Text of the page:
Fast forward to Tuesday when I had breakfast with a dear friend who was in town for just a couple days. We squeezed in the visit right before she got back on the road. We were talking about the things that were to come in the new year, and I shared with her that it was time for me to settle back into my vocation, to do the work I was meant to do more deliberately and regularly. For years, for example, I have taught community writing classes that I just love. I hadn’t this year. And there are other things that I used to do regularly- for me- that I just hadn’t brought myself to do lately. And it wasn’t until I was talking to Erin that it dawned on me why that was. My scheduleable time is limited to when Happy is at preschool. I chair a non-profit, teach a women’s studies class, freelance write for magazines, author and promote books, guest speak all while Happy is at preschool, napping, or sleeping. And I have resisted adding anything else to the fray, like teaching these community classes, because there is a physical, visceral reaction I get when I see my calendar booked back to back to back. Mothering so tethers me to a calendar, to responsibilities, to a regimen, that I am reluctant to add any more of that to the fray. But it is more than that, too. I’ve also been reluctant to do those things that I used to just for myself- to just write for writing’s sake, to just paint for painting sake because, I imagine, those things need time made for them and I am reluctant to add the structure needed to create that time and to add more things that need to get done to my list. My list. My never ending list that BF says exhausts him by just looking at it. The truth has been that I have been reluctant to concretely schedule things like teaching community classes or creating for creativity’s purpose during those preschool hours because every other non-preschool hour is taken. I am scared to confine, to schedule, to commit any more because I feel so confined, so scheduled, and committed. And, yet, am I living a life that completely fills my well? Not entirely. And part of it is that some of what I thought I’d be doing needs to be thrown out the window. I am a firm believer that we create way too much emotional distress when we force ourselves to believe that our lives should be a specific way. So, it is not that I believe my life should be a certain way. It is that I believe that I should give myself what I want and can out of life– not avoid it because it takes time and I am scared of anything taking time. I need to claim what I want, even if it means it gets scheduled. Adding back in things that I love, that fill my well, and allow me to fill the wells of others would be good, would be life-affirming, would be exactly what I need at this point. These, I believe, are those small adjustments that I need to make in order to make my life work.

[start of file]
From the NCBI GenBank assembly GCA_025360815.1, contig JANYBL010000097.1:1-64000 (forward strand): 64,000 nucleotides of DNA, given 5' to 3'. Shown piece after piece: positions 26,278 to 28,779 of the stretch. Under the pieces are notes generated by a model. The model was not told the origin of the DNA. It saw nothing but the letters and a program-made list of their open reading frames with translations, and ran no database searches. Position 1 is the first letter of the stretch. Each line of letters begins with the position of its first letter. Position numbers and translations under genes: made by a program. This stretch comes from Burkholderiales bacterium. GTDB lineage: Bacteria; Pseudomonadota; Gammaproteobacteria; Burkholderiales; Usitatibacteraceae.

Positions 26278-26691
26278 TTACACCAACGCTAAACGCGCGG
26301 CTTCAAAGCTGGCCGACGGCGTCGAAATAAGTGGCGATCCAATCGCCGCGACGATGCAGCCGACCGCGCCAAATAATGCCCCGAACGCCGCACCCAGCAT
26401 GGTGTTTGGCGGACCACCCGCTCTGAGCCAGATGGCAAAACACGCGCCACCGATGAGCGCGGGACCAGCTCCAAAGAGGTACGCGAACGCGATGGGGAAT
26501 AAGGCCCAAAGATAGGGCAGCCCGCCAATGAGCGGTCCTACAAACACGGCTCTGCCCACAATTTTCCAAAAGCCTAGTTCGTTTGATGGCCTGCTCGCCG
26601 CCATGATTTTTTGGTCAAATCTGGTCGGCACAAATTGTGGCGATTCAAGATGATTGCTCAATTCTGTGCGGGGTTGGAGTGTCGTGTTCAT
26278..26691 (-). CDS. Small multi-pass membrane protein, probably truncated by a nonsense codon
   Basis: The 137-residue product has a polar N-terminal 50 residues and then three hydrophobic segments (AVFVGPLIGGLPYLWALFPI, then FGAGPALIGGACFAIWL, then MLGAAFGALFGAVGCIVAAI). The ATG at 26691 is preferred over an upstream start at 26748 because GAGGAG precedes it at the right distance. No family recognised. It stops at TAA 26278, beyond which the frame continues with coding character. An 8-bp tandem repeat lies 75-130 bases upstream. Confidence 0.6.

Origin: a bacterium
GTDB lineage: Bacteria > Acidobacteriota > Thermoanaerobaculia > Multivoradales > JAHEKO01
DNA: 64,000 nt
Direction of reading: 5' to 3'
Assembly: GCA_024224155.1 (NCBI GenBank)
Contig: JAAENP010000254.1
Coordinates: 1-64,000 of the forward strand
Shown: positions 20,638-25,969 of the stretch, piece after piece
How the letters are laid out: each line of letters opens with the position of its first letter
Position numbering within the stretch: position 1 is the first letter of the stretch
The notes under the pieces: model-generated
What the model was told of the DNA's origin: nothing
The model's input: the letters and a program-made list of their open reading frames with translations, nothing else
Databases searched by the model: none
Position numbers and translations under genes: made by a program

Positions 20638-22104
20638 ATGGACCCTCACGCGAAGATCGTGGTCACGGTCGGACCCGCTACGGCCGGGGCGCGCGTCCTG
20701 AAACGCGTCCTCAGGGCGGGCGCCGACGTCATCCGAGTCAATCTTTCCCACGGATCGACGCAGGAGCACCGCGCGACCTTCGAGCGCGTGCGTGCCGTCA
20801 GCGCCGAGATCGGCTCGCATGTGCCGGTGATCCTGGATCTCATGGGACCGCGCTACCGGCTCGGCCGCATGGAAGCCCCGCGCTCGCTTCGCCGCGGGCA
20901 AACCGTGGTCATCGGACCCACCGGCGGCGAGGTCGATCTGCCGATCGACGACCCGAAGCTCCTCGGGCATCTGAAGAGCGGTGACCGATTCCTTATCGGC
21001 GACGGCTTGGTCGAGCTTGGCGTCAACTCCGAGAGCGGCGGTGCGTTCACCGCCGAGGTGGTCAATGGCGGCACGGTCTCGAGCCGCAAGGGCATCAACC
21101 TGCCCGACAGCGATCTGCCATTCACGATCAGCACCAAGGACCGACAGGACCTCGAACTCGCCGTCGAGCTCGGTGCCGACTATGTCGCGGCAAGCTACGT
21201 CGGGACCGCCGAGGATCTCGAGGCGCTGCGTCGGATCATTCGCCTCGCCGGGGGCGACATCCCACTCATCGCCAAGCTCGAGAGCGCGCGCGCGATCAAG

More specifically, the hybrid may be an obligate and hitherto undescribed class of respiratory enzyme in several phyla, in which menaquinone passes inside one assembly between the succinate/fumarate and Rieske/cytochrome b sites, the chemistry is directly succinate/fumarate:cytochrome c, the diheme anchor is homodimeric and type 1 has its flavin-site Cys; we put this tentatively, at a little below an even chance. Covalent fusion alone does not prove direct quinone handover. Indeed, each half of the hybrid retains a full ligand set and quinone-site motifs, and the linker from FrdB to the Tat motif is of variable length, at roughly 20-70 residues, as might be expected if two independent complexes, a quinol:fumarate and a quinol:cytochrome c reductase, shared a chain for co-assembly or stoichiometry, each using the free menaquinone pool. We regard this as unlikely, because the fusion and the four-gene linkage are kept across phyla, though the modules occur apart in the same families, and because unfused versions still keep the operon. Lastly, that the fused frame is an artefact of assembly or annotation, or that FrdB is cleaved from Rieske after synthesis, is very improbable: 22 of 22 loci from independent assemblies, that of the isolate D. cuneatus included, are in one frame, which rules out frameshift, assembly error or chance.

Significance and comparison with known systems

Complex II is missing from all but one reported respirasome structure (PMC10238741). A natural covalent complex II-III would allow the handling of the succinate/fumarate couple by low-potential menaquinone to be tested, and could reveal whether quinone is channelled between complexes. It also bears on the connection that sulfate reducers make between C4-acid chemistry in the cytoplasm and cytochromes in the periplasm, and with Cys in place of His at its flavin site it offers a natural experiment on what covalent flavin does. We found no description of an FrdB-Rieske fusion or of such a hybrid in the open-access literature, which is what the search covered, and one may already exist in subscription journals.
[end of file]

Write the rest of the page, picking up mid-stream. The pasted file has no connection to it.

And then Erin said the thing that I most needed to hear, the clarifying sentence. She said, “Discipline means freedom.” She expounded, of course, because she is smart and insightful and incisive like that. But the big thought I want to share here today is that simple one. Discipline means freedom. If I were to wake up every morning to get my workout in or my writing in first thing rather than try to get as many winks of shut eye as possible before the baby (eh, toddler) wakes, if I were to create teaching or creative moments during preschool hours that would leave me feeling accomplished instead of overwhelmed by the list, if I were to allow myself to go to yoga rather than deem it necessary to fill that time with something more productive, if I were to make room for the things that I imagine that I would just love, even if making room means literally making room in my calendar, I think that what I would have is not a harsher mellow (which is what I tell BF when he asks me to spit out exactly how I am spending my day hour by hour, “Dude, you are harshing my mellow.”) but a more mellow me, a more centered me, the me of my imagining.
And so in the coming days, I’ll decipher what my discipline must look like in order for me to reach the freedom of my imagining. For now, I am no longer scared of calendars, of confinements. I am scared of not living the way I was meant to because of being paralyzed by those things. I am counting on the fact that the feeling on that bridge that night wasn’t a fluke. It was possibility. And I’m going out to find it.